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Working as a freelancer means that I write a lot. Sometimes I have different subjects to cover. Because I write so much, it can be easy, after a time, to fall into poor writing habits. If you want to stay on top of your game and continue impressing clients and potential clients, here are some of the writing mistakes to avoid:
1. Using Jargon and Acronyms
Because I mostly write about finance, I’m immersed in that world. As a result, I sometimes fall into jargon. You might have specific jargon or acronyms that are common in your area of specialty. However, your audience might not have the same knowledge. Keep your audience in mind and explain concepts clearly, without words they aren’t likely to understand.
2. Fluffy Writing to Increase the Word Count
When you have a word quota to fill, this is one of the toughest writing mistakes to avoid. You might want to use filler words or add extra fluff. When possible, keep it direct. Use shorter sentences. Explain concepts quickly and clearly and move on.
3. Vague, Generalized Claims
“Everyone one knows,” “most people feel,” and “no matter where you go” are vague and general. At some point, you probably need to substantiate that claim. Additionally, these are phrases that don’t really convey anything. Same with phrases like, “they say,” and “you’ve heard that.” Find ways to offer concrete information that adds interest, rather than being mealy-mouthed about it. Start with a story or a hard statistic rather than making a vague claim.
4. You Don’t Proofread Your Work
I make mistakes. You probably make mistakes. No one is perfect. However, as a freelancer, one of the biggest writing mistakes you can make is to neglect to proofread. Your clients and editors are probably ok with fixing one or two minor errors or typos. However, if your work is riddled with problems, eventually they will elsewhere for a writer.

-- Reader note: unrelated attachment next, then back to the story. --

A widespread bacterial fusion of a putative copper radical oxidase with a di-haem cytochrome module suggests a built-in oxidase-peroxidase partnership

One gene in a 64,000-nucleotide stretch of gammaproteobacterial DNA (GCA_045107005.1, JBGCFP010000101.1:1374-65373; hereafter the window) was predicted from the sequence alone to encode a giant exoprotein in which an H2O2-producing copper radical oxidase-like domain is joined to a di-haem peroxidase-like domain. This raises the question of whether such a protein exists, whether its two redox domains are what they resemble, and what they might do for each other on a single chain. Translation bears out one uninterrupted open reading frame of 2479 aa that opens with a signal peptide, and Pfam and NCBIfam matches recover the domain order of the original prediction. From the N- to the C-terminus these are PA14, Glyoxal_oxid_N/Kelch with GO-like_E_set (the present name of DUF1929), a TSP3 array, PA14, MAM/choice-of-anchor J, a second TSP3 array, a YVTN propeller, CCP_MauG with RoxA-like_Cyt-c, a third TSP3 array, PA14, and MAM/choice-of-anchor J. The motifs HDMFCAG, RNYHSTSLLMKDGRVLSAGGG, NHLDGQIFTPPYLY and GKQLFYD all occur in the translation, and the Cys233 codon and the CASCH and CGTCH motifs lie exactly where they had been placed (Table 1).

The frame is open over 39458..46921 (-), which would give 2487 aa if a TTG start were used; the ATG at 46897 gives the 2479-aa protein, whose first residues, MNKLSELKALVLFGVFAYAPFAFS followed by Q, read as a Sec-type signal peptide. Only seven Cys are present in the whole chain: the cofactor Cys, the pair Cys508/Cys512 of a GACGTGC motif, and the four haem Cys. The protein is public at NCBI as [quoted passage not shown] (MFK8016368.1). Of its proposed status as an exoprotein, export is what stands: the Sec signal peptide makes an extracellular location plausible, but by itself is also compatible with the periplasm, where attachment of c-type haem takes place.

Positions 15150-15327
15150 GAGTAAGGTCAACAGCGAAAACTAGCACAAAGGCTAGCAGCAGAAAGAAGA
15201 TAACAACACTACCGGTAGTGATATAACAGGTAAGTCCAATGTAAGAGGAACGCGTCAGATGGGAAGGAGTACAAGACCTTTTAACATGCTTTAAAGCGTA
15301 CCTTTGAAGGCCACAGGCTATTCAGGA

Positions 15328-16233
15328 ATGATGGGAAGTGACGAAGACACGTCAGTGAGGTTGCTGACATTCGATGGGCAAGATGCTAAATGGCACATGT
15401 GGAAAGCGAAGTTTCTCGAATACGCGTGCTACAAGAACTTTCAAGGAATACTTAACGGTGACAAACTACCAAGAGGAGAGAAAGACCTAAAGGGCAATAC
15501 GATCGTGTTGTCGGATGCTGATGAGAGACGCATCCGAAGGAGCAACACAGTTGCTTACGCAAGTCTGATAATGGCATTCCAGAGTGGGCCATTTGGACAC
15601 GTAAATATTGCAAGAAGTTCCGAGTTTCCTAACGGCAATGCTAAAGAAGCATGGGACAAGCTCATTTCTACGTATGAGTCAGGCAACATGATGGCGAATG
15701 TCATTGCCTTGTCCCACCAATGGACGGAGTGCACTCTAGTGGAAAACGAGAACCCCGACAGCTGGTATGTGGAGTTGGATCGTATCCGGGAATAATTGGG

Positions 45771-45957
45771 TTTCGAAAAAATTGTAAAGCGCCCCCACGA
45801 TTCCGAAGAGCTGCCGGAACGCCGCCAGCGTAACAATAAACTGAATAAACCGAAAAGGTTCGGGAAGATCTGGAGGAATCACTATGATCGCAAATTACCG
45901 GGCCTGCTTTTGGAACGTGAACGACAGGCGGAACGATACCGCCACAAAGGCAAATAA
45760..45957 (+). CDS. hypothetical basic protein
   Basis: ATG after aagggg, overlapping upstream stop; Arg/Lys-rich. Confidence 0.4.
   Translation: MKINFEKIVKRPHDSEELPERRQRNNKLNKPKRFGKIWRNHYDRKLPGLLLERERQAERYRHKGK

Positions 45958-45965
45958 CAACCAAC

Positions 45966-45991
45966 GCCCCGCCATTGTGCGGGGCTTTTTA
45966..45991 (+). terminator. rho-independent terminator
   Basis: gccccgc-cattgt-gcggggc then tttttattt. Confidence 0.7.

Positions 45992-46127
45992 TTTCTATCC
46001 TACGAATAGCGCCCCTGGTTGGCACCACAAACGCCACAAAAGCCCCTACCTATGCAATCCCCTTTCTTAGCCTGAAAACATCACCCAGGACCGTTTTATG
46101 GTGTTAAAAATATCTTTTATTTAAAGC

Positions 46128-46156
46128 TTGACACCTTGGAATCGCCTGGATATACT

Go through your work after you finish and look for mistakes. In fact, it can often make sense to set the work aside for a couple hours. Look at it again after you’ve had a break and can come to it with a slightly fresher perspective and a readiness to improve the work.
5. Not Asking for a Style Guide
Before you get to work as a freelancer, ask the client if they have a style guide preference. When writing for many of my clients, I find that the most common style guide used is Associated Press (AP) stylebook. Some of my clients use the Chicago Manual of Style. I rarely deal with American Psychological Association (APA) or Modern Language Association (MLA) style because I don’t write academically.
Also, ask if your clients have modifications. I have clients that use a modified AP style. They might mostly follow the conventions, but with two or three of their own tweaks. If you ask for a style guide, you will probably be given one.
6. Not Writing for Your Medium
Another of the writing mistakes to avoid Go to the full article.
Source:: Business 2 Community